Some people say to me, often I just realised, “You’re a bit pessimistic/negative”.
What I might have said to elicit that response, is something along the lines of 1. “Jesus H. Christ my knees hurts. *Age is a big ol’ bitch!” OR 2. “Jesus H. Christ, Monday again, what a c*nt!”, OR 3. “JEHEE-EE-Sus Holy Mother of God alive, I’m perimenopausal and it’s a right pain in my arse!” Well, you know……… And really, (apart from significantly indicating that I enjoy using the Son of God’s name to achieve a satisfying level of drama), it doesn’t really illustrate anything of the sort. In my mind anyway.
I like to call myself, ‘a realist‘. Insert smug face here. The facts are this:
1. my knees do hurt, and it is because I’m in my mid-forties. They didn’t hurt when I was TWENTY-five. I know this because the style of dogs is not so easy these days. Oh! And exercise…
2. Anything that pisses on your weekend chips deserves that monicker
3. I am not being pessimistic if I tell you a medical scienceness
I accept that these are things that happen, and no amount of positive spin or thinking is going to magic it different, and mentioning them does not make me a pessimist. And anyway, I’m not sure that trying to spin it differently is healthy, I’m not really one for flowering things up. And I’m quite positive (ironically), that I would not change my realism in a parallel universe where I was a mother. Imagine the scene. Little Primrose hugs me tight, in an attempt to seek solace after seeing an old person croak on apopular TV medical drama. Don’t judge me! It’s Saturday ‘staying up later than normal treat‘ night. She looks up at me, all doe eyes and says, “Mummy, I don’t want nana to die.” And I say in my best soothing mama voice, “Well sweetheart, she’s going to, so best you get used to the idea.” Snuggle, snuggle, kiss on top of the head. She’s worried about the forthcoming 11+ exam, for entry into one of the new grammar (other ways to be elitist) schools that Prime Minister Theresa May has introduced. I get down to her level – which is not that far actually, five foot nothing – take her hands in mine, look her in the eye and say, “you should be darling, if you don’t get into the school, the chances are you will be discriminated against in the future, when trying to get into university or the world of work.”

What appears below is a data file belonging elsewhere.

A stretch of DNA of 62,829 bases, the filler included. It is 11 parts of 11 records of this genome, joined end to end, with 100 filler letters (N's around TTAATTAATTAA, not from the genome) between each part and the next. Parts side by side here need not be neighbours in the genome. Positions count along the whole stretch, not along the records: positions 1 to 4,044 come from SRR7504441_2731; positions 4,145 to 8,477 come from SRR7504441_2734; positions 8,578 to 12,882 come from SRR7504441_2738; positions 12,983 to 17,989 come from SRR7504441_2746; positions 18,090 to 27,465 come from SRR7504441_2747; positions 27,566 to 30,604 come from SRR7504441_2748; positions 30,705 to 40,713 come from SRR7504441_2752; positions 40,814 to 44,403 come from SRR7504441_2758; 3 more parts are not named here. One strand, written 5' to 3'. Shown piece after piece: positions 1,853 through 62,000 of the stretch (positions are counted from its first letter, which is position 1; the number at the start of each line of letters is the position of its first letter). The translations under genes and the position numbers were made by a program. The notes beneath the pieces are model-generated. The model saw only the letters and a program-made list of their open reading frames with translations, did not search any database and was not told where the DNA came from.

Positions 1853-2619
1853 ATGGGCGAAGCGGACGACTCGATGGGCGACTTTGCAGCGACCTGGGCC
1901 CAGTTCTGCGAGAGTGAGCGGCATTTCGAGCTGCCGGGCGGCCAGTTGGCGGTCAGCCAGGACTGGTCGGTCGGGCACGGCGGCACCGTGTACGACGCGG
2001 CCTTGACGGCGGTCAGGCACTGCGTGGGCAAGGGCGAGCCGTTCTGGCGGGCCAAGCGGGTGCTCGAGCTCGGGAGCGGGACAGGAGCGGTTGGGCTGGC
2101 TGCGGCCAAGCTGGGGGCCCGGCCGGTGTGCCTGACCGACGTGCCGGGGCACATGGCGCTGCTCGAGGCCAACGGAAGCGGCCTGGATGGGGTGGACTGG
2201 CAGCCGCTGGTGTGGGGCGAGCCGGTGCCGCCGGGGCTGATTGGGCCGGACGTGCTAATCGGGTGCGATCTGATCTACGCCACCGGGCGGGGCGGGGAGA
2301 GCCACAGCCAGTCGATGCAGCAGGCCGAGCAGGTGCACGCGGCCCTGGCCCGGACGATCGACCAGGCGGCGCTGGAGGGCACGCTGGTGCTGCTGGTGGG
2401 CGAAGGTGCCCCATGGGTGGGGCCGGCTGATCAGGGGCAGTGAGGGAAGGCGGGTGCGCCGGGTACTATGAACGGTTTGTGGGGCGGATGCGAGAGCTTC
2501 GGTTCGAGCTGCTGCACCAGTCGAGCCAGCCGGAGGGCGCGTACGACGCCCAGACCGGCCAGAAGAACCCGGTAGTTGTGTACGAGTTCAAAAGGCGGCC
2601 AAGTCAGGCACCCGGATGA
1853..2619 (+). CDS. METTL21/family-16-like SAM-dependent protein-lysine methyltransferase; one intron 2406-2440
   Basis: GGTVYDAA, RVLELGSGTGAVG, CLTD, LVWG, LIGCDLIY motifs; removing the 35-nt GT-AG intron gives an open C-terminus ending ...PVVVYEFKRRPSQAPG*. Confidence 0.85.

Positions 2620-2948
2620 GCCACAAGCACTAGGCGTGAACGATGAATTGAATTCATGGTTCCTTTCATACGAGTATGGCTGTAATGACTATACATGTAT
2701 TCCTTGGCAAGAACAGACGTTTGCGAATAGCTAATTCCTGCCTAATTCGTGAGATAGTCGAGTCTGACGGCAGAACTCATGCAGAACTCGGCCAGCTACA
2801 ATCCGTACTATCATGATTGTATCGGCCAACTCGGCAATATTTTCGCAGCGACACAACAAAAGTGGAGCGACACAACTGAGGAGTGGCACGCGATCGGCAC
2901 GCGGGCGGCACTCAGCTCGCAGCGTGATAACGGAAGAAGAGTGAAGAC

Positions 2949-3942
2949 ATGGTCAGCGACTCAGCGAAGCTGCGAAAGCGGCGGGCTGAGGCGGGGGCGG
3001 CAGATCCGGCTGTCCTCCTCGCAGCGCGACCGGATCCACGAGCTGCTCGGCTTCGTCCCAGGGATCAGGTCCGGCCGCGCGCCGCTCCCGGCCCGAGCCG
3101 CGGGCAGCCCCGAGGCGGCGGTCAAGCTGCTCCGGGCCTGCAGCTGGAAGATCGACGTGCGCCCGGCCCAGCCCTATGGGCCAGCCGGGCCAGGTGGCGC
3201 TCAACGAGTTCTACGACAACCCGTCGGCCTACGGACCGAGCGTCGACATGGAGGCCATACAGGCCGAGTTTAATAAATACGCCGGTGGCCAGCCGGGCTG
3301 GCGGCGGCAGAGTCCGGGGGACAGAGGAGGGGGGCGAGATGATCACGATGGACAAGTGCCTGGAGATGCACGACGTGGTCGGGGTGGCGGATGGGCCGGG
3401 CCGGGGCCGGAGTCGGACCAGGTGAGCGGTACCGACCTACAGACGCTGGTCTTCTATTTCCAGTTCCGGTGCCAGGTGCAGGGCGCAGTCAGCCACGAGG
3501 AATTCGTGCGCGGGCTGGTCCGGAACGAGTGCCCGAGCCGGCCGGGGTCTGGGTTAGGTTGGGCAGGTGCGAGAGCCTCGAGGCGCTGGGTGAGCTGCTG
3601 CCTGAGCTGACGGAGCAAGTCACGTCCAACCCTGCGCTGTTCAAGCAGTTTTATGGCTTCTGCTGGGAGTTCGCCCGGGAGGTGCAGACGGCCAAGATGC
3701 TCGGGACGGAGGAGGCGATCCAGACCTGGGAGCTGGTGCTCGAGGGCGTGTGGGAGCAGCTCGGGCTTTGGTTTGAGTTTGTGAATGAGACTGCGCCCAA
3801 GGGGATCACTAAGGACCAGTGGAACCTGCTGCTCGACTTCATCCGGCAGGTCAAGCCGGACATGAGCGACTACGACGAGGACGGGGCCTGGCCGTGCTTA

My puberty chat would be, “You will bleed from your vagina once a month which is uncomfortable and wreaks havoc on your skin and appetite for chocolate, this will be a sign that you are a healthy woman able to have children should you choose to, this monthly event will last for decades of your life, and then you will go through an equally uncomfortable process at the end of that, that may last another ten whole years – to indicate the end of your fertility – when your body temperature will reach the dizzying heights of Death Valley in Summer, and sometimes you will feel that somewhere inside you there is an actual leaking rusty tap. And you will gain an average of seven kilos and grow a beard to rival Captain Birdseye. You’re welcome.”
Years later she’s waving at me from the train as she heads off to university after achieving the A-level results she needed. I wave back proudly, tears in my eyes. “That’s amAZING!! I’m so proud of you…. Don’t forget to have fun! There’s no guarantee that your degree will get you a good job at the end of your course, so it would be a shame to waste those years of freedom in a new city away from us finding your independence, ONLY studying. I love you! Enjoy! See you when you come back to live with us for the rest of your life, because you can’t get on the housing ladder.” But she’s already too far down the noisy track of youthful hope, to hear me…….
And that gently does it approach is my ‘reasons why I don’t have kids’ #55.
*And nooooo, age is not just a number, Rumi meme readers, if my body feels different and it is medically proven to affect your physical abilities <I eye roll at your positivity cliches>